VIGO COUNTY, Ind. (WTHI) – The great Orsen Wells once said, “If you want a happy ending – that depends on where you stop your story.”
These are profound words our next Golden Apple award winner agrees with.
For the last three decades, Peggy Grabowski’s story has involved teaching teenagers not only character development from the books they read but also their own personal character development.
It is helping them grow into positive, productive adults.
Grabowski is an English teacher at Terre Haute South Vigo High School. She calls herself a word queen, and in her classroom – words matter.
“The words that we use can be positive, but they can also be damaging. And the connotations of those words are important. And I really want the students to really look at word choice..not only in the literature but in their own speech and in their own writing,” Grabowski told us.
She believes literature lends itself to getting people engaged.
Grabowski is known for circle discussions. That is when students put their desks in a circle to discuss the book they’re reading to keep everyone connected.
“What better way than in English class where we can read books, unpack what’s going on in the book, connect to it ourselves in some way and then maybe do something about it as well,” Grabowski said.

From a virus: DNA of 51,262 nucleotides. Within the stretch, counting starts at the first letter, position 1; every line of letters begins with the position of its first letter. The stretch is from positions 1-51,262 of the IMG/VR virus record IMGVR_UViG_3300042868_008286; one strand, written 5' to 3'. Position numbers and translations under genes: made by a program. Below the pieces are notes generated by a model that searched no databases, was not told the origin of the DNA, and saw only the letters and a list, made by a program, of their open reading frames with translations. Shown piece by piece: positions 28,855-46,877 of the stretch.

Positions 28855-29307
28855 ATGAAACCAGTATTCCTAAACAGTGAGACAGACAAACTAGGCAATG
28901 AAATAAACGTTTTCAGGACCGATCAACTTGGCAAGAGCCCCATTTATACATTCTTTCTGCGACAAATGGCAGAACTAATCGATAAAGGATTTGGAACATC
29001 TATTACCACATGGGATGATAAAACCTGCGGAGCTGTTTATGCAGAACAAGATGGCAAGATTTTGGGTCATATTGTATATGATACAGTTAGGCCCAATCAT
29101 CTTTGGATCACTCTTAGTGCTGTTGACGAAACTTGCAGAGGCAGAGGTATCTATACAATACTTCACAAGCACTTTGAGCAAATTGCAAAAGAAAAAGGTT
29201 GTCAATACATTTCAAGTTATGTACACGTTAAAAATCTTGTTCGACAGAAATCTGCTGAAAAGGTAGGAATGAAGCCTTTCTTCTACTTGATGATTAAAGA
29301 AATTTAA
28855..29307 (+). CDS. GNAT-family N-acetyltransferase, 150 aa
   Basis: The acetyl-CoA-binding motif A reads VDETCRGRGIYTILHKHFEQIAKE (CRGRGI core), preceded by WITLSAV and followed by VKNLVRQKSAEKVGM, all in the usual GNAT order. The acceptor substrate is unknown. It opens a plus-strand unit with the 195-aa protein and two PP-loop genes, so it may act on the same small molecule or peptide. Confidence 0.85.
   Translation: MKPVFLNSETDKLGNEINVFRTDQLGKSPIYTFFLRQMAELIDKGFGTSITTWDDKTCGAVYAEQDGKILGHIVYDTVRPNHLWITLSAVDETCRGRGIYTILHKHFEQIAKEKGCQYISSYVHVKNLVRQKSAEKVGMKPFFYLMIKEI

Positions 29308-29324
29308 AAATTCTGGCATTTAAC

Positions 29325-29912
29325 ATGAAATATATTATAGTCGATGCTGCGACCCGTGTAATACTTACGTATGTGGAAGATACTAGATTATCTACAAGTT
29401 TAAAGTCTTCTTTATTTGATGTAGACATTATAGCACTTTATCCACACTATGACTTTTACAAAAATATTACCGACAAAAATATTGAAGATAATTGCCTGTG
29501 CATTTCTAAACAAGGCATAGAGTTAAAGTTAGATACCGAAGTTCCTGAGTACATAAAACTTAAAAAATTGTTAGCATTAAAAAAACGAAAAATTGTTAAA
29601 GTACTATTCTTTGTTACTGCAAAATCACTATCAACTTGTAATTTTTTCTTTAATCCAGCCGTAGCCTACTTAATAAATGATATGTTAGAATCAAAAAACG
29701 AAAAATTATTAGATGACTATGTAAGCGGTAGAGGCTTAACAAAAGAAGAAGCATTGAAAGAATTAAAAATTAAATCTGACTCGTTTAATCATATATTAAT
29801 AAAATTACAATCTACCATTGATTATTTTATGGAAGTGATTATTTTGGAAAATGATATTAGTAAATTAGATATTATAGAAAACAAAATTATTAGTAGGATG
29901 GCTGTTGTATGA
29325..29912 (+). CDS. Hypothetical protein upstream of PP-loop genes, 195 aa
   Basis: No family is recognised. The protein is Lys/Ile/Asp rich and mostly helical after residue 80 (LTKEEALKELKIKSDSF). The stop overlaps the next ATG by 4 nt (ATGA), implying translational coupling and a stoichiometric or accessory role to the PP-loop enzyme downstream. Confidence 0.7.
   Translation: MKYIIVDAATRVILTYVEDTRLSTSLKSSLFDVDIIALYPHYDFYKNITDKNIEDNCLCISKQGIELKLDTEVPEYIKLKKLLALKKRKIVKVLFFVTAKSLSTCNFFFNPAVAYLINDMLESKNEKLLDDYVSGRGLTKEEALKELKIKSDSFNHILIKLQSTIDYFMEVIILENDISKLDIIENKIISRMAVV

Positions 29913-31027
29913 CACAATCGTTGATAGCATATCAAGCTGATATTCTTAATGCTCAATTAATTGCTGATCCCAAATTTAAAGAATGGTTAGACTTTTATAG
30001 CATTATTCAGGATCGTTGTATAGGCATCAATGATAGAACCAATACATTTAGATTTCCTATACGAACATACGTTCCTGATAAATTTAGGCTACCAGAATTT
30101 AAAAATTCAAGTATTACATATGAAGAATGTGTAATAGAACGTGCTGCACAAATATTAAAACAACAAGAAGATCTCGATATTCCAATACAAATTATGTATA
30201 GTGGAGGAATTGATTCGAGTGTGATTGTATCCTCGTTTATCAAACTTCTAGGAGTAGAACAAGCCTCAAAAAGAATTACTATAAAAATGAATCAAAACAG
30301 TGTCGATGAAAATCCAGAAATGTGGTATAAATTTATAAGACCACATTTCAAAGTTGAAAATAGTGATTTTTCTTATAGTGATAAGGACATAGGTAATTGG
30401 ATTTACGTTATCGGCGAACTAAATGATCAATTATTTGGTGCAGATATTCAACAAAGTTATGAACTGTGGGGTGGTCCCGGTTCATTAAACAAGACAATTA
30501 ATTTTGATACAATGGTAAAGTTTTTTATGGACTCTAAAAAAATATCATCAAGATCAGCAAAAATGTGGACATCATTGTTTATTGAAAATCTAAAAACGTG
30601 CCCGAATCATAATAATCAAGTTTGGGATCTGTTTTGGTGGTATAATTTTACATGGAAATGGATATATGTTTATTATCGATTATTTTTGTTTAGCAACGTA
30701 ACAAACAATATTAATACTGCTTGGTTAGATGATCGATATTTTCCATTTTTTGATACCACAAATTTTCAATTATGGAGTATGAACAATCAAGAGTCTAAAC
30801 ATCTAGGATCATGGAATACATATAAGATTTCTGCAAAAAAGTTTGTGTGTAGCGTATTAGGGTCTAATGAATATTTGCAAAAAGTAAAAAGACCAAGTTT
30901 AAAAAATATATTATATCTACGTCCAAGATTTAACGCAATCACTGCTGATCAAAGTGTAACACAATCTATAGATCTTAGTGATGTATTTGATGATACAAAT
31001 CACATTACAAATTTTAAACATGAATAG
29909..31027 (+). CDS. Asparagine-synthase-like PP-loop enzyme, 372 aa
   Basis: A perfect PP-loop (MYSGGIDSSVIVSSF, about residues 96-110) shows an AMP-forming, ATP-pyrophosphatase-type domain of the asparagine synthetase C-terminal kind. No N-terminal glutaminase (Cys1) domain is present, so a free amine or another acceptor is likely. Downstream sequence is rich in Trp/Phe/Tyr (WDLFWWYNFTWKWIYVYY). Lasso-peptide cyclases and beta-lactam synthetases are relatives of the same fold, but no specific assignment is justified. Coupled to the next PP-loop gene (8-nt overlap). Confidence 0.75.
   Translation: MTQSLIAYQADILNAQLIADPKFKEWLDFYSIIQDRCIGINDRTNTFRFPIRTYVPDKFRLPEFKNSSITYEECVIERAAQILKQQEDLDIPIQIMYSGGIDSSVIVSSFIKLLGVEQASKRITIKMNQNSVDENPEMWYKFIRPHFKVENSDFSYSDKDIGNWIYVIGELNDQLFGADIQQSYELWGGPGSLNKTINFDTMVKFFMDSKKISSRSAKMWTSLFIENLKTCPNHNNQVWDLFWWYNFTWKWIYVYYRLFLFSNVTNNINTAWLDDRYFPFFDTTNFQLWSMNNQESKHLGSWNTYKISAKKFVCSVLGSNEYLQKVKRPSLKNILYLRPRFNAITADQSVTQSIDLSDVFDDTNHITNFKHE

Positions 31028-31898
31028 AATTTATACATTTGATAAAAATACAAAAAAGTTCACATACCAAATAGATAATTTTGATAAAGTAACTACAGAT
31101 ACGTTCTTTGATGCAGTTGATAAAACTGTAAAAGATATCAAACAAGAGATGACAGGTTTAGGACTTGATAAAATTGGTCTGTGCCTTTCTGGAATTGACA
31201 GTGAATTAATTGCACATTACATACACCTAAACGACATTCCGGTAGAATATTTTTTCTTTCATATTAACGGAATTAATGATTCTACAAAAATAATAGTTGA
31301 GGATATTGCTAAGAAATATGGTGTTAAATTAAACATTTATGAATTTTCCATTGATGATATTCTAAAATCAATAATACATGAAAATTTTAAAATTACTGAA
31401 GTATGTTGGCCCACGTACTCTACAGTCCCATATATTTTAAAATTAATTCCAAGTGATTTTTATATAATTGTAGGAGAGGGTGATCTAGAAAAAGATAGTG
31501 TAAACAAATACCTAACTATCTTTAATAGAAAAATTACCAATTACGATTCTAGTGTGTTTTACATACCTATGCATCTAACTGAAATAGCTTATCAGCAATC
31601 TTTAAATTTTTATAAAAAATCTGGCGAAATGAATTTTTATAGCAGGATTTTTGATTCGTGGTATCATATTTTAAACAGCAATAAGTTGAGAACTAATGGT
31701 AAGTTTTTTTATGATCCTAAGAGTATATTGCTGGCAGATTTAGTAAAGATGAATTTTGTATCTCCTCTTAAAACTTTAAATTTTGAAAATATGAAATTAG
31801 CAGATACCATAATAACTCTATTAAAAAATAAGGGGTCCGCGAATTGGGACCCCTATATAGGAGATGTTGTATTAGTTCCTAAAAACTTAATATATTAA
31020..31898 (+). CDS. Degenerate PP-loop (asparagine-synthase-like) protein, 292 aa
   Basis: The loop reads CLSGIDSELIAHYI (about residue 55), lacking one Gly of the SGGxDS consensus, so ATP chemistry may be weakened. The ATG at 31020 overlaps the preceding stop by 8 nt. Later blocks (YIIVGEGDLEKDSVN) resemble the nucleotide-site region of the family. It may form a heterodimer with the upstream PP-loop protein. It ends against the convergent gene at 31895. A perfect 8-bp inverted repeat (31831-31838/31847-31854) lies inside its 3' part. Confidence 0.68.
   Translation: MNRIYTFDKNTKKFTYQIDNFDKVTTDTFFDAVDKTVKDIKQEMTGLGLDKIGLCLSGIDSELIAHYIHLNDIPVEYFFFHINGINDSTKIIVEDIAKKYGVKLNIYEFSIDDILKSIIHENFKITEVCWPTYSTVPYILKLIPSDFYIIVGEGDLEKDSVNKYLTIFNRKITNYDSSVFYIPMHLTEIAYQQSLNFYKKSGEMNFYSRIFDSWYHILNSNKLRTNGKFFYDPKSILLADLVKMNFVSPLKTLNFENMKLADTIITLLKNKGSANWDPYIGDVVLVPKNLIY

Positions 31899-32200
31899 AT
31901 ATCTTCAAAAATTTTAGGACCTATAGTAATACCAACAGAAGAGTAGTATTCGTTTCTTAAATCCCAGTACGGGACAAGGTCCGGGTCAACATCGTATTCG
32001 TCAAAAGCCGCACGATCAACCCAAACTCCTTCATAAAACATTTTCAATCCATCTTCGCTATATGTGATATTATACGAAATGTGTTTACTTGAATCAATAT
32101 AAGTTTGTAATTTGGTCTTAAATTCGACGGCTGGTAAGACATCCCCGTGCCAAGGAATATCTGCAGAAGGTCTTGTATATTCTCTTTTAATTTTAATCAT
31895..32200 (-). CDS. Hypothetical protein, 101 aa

Grabowski also created the ‘Stand Club’ at Terre Haute South. It’s a student-led movement where kids engage in local, national, and even global non-profit organizations.
“Really instills that high character and morales she has. She instills that with her students and they just strive to please her. They care what she thinks,” Dr. Tammy Rowshandel, Terre Haute South’s Principal, said.
When she’s not in the classroom, you’ll often find Mrs. Grabowski coaching the spell bowl team at South. She’s taken her team to the state finals 18 times.
She loves words so much she has a word wall in her classroom. It helps students use those words in their critical thinking.
Peggy Grabowski has taught what she loves for the last 30 years. She told her her favorite thought for the day in the classroom goes like this:
“Life doesn’t have to be perfect in order for it to be wonderful.”